November 12, 2013

Is Being a Perfectionist Holding You Back from Content Marketing Success?

Content marketing isn’t going anywhere, and the numbers tell the story. Recent research suggests that business-to-business marketers with blogs generate 67 percent more leads than their non-blogging counterparts. Furthermore, 90 percent of customers indicate that they find custom content useful, while 78 percent of them agree that businesses that spend time creating custom content are interested in building and maintaining strong, mutually beneficial relationships.

While consensus has formed surrounding the importance of content marketing, the fact remains that marketers are still trying to develop best practices surrounding the groundbreaking integrated approach. With small businesses spending 42 percent of their marketing budgets on content marketing, and larger companies spending 24 percent, it’s important to ensure that the content created actually sees the light of day.

As a marketer, you only want to produce and disseminate the highest caliber content, meaning you often spend hours producing a single blog post. While it’s imperative to strive for only the best, perfectionism could be holding you back, impeding the progress of your content marketing program—and, without intention, wasting your company’s time and money. 

Let’s take a moment to look at three habits that could be holding your strategy back:

  • Writing, rewriting, rewriting, rewriting. . . Practice does make perfect, but when it comes to blog posts or news articles, it’s highly unlikely that any two writers, let alone an entire marketing team, would wholly agree on every word and phrase laid down on the page. While it’s vital that marketers do their due diligence in creating gold-standard content that’s thoroughly edited and well written, it’s also very important to make sure that progress is made. After all, you don’t want to be going back to the drawing board every few days because your team can’t agree on the message you’re trying to send. Content marketing is about disseminating information to your customers. That information should be released. It should not be held up in a conference room. If two people can’t come to a precise consensus on something, perhaps consider letting both of them write blog posts from their own perspectives. That way, you’ll have twice as much content produced in hopefully half as much time.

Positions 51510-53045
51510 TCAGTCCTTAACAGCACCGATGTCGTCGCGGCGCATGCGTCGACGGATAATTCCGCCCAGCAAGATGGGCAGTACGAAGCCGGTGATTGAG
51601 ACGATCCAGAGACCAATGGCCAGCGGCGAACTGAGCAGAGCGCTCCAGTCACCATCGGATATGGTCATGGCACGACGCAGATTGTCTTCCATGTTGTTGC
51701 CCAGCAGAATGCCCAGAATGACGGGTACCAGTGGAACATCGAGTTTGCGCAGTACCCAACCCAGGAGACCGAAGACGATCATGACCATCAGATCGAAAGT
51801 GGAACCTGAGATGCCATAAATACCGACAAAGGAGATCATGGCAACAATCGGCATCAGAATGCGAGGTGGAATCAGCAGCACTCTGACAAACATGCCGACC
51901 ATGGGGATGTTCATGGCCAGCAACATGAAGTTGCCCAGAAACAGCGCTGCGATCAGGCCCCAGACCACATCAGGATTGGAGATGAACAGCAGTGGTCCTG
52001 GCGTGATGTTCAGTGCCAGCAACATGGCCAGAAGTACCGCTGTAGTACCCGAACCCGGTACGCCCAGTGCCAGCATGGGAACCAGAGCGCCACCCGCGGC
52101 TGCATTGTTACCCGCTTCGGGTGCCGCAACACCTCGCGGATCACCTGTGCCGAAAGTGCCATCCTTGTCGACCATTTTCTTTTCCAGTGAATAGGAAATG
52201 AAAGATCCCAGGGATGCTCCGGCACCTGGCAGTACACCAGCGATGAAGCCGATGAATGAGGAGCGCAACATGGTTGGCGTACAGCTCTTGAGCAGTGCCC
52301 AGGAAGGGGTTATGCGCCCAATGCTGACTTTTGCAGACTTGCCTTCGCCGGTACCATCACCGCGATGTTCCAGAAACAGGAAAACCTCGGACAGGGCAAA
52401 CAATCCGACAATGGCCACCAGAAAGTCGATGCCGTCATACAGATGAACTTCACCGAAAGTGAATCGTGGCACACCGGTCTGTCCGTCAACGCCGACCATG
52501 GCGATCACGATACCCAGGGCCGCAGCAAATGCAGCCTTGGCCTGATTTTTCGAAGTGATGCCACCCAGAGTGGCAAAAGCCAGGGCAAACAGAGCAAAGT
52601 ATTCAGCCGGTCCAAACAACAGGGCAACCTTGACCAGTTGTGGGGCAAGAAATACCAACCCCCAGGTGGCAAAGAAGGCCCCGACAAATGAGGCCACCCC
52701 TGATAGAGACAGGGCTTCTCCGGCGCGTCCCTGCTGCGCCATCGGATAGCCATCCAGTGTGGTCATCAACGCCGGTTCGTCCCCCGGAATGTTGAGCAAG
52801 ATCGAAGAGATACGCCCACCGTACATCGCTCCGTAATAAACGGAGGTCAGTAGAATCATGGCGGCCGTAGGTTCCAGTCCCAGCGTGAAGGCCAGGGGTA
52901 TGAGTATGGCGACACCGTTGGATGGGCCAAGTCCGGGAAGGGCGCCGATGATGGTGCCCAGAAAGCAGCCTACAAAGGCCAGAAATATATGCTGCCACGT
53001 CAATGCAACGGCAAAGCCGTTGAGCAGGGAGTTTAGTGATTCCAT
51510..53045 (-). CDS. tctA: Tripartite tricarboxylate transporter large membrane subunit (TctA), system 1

• Creating a content marketing desert. . . You want your customers to find the content you create useful. Once that connection is made, you want to pique their interest in such a way that they’ll keep coming back for more. If they keep coming back for more and there’s no new content to be digested, you may very well squash that person’s budding interest. Make sure you maintain your blog and post content regularly. More importantly, keep content short and sweet. No one wants to read 2,000 words about why peanut butter and jelly sandwiches are better than peanut butter and fluff sandwiches. But plenty of people would read 300 to 700 words on the subject—especially the sandwich connoisseurs you’re targeting. If you can’t capture everything you want in a single blog post, consider an ongoing series.
  •  Regular irregularity. . . Congratulations! You’ve launched a new column that you publish every Thursday afternoon and the response from readers has been overwhelmingly positive. But after a few weeks, other aspects of your marketing program start to gain traction so you’re forced to pass off your weekly column to a coworker, who eventually places it on the backburner. Don’t abandon your loyal readers. It’s important to maintain any initiative that you start. After all, no one likes a company that makes promises and fails to deliver.

Creating quality content can often feel like a full-time job, however it’s important to remember that quantity, not an overload, but measureable amount of content, is just as important. Don’t let the pursuit of perfection and flawlessness impede your content marketing strategy. Instead, trust that you and your team know what’s best for your audience.

Edited by Brooke Neuman

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